The prospect of al-Qaeda or other terrorist network acquiring a WMD device could seriously heighten global risk, but perhaps "most troubling" is the possibility that a nuclear-armed nation might become instable or even collapse, the report states. The document does not name Pakistan or North Korea, but issue experts are particularly worried about such scenarios playing out there.

"This could lead to rapid proliferation of WMD material, weapons and technology, and could quickly become a global crisis posing a direct physical threat to the United States and all other nations." according to the quadrennial review report.

The document suggests that the U.S. military might take a role in securing nuclear weapons during a crisis in which Islamabad, Pyongyang or other unnamed foreign governments might lose control over their arsenal. U.S. forces must be capable of "locating, securing or neutralizing weapons of mass destruction, key materials and related facilities in the context of a loss of control of such weapons or materials, and thwarting the potential for a nonstate adversary to acquire them," according to the report.

A number of issue experts strongly discourage planning such a potential role for Washington as it could make these regimes even more reticent to discuss their arsenals in peacetime (see GSN, June 10, 2009).

A Growing Mission

With such daunting tasks at hand, the Pentagon is grappling with how best to coordinate and oversee the specific efforts that might be required.

In a reorganization conducted after the 2001 terrorist attacks, then-Defense Secretary Donald Rumsfeld named U.S. Strategic Command in Omaha, Neb., the lead combatant organization for overseeing military plans to counter nuclear and other WMD proliferation.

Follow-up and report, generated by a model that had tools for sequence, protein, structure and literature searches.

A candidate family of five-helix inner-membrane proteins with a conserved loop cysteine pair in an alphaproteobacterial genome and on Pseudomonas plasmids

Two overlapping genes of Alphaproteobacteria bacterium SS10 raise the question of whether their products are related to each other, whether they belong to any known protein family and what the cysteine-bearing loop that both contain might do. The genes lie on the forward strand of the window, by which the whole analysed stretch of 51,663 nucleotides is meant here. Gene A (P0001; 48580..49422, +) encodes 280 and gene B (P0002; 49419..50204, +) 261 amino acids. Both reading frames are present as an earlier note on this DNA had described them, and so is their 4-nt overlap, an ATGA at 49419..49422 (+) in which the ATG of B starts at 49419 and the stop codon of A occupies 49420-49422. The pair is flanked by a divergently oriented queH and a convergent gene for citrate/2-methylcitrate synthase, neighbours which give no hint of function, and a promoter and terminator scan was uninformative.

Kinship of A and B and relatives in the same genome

Under Strategic Command, a Strategic Center for Combating Weapons of Mass Destruction -- housed at the Defense Threat Reduction Agency at Fort Belvoir in Virginia -- coordinates the plans for countering weapons proliferation developed by each of six geographic combatant commands around the globe. Those include, for example, U.S. Pacific Command for the Asia-Pacific region and U.S. Central Command for Afghanistan and the Middle East.

Little detail about such missions is publicly available, as the activities are typically shrouded in secrecy.

The strategic center at Fort Belvoir also distributes intelligence and assists with crisis-response planning, according to a Strategic Command spokeswoman.

In addition, under the Proliferation Security Initiative launched in May 2003 by then-President George W. Bush, Washington has enlisted more than 90 nations to voluntarily assist in interdicting suspected weapons of mass destruction materials in transit.

A recent success was the discovery of a transport aircraft loaded with weapons from North Korea that had made a refueling stop in Thailand, triggering suspicions of WMD-related cargo potentially bound for Iran (see GSN, Feb. 1).

Along with the Energy and State departments, the Pentagon also helps secure so-called "loose nukes" and other WMD materials and delivery platforms through the Cooperative Threat Reduction program. Under the initiative, the United States has helped to eliminate or relocate WMD materials and related weaponry in the former Soviet Union and elsewhere to prevent them from being acquired by terrorists or rogue nations.

Two years ago, though, coordination of the broad military mission for countering such weapons edged somewhat out of the spotlight without much fanfare.

Second Tier

In February 2008, shortly after taking the helm at Strategic Command, Air Force Gen. Kevin Chilton announced that he would prioritize his organization's responsibilities for space, network warfare and global strike above the command's several other assigned missions.

"These are areas that I would say that are major lines of operations for Strategic Command, and these are areas in which we operate across [national or regional] boundaries," he told an Air Force Association audience in Orlando.